What made Western Michigan so much fun to watch again is more then their intriguing leader and motivator P.J. Fleck. Not only can coaches appreciate his focus on the team aspect of the game, but he is also on the cutting edge of the latest in run-pass option offensive innovation.
Coach Fleck brought in some pretty good talent at Western Michigan. But his best recruiting win was their star receiver Corey Davis. Corey gave Fleck the opportunity to be a threat to the defense on every single play. In the run-pass option (RPO) offense, teams identify a defender to put in a pass or run conflict. If the defender attacks the run, the ball is pulled and thrown to the vacated area. In the Mac Championship game alone there were over 13 different run-pass options that Western Michigan ran.
Run-Pass Option to Corey Davis
What makes Fleck’s version of the run-pass option so deadly is that he had an elite talent in Corey Davis as the receiver option. Teams who didn’t defend Davis well would pay the price as he gashed them with huge yards after the catch.
In this first Run-Pass Option from a 3 x 1 formation, the linebacker over Davis attacks the run right away. All that senior Quarterback Zach Terrell has to do when he sees this is flip the ball out to Davis and let him do the rest. Davis snags the ball and sidesteps the first defender before racing up the sideline for another ten yards after the catch.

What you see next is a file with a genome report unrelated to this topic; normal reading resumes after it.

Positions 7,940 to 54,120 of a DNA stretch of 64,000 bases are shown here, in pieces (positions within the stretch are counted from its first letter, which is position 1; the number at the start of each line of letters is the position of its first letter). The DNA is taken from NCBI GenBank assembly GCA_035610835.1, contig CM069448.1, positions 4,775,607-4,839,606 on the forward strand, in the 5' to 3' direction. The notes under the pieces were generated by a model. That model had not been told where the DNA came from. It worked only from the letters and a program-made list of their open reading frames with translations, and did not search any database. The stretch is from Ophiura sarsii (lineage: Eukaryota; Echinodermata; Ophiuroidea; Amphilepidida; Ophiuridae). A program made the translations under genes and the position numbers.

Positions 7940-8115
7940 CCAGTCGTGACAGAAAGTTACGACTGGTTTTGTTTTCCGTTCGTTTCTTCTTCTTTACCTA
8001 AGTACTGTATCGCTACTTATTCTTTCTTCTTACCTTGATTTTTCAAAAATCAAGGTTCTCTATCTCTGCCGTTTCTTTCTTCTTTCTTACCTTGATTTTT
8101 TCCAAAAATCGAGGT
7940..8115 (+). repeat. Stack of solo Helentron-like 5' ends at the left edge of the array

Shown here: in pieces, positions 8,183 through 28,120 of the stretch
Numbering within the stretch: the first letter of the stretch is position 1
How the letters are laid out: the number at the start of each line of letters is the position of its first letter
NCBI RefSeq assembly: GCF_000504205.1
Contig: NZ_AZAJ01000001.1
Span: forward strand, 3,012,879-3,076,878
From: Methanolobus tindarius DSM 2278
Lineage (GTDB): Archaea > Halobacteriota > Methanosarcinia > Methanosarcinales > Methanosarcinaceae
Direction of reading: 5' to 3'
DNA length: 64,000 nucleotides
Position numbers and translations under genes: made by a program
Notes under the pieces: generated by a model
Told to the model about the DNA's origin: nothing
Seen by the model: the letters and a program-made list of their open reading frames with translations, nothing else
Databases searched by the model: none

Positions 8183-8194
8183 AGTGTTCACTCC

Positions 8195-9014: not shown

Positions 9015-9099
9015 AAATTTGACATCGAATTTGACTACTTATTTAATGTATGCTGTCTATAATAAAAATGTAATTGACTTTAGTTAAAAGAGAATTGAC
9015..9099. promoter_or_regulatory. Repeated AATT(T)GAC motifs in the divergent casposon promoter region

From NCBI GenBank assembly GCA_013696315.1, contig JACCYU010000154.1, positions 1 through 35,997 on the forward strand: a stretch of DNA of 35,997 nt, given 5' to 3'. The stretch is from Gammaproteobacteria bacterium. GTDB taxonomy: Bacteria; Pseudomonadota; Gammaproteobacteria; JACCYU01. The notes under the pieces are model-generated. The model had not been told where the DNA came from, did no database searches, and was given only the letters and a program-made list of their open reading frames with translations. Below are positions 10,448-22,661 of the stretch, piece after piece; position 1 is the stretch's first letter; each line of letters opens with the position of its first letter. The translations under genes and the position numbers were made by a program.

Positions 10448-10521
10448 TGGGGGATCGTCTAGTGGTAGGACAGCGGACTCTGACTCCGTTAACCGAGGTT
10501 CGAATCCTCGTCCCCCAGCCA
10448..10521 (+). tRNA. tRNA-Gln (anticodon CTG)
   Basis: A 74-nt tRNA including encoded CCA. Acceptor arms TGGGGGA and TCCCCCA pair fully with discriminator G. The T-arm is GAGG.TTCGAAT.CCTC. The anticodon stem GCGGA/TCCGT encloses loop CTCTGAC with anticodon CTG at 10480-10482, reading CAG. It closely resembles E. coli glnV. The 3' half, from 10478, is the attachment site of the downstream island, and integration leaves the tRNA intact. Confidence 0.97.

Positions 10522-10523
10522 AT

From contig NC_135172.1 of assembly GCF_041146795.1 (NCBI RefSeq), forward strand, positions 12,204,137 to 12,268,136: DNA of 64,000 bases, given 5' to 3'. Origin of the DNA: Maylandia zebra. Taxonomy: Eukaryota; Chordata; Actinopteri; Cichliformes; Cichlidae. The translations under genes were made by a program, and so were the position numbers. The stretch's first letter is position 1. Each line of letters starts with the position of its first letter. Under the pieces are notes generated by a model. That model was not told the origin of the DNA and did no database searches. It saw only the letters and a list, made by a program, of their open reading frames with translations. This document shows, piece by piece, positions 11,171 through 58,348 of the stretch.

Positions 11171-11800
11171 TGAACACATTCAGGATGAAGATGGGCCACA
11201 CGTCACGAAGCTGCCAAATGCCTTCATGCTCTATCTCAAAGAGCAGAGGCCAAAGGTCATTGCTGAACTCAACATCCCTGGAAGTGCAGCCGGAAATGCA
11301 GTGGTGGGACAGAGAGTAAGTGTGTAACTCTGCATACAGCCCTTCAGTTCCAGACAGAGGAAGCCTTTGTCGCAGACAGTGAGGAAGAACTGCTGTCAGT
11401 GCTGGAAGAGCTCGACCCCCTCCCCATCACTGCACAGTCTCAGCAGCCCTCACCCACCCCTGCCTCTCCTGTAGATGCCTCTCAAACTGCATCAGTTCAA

The next play is a 2 x 2 look with a wing formation to the side Davis lines up. Fleck calls a Wham block run play that traps an unblocked defensive lineman. Because the defense has cheated their outside linebacker pre-snap to bring pressure on the outside, Terrell knows that the slant to Davis will be an easy downfield gain.
Slot Bubble Run-Pass Option
Western Michigan lines up in a 3 x 1 with a wing and the back to the strong side. The RPO is a full zone run weakside but because the outside backer comes up on run action, Terrell sees the opening for the bubble screen. Western’s slot catches the toss and gets upfield for a nice gain behind a solid Davis perimeter block. What I love about Davis’ block here is that he’s technically sound in his breakdown. Most stalk blocks fail because receivers don’t break down soon enough. Davis settles his base early and then can really get into the “stalk” part of the block. He finishes it off with a Contact and Drive showing that he’s much more then just a great receiver and can block the perimeter as well.
In this combination of zone run with a lead blocker on the linebacker, the defense’s linebacker responsible for covering the bubble freezes. Terrell sees no opening for the run-pass option here so he gives the ball on the run and the line powers ahead for a solid four yard gain.
Fleck’s variety in the run game shows again here with a Strong Iso called behind their powerful blocking tight end who lines up in the wing again. Again the outside LB has to freeze to cover the bubble screen or risk Terrell passing it for an easy perimeter gain. Instead Western Michigan gets the look they want for their run game and again get a solid gain.
Watch More Flick Run-Pass Options Here
If you want to see more run-pass options Western Michigan ran in this game, you can access them free here.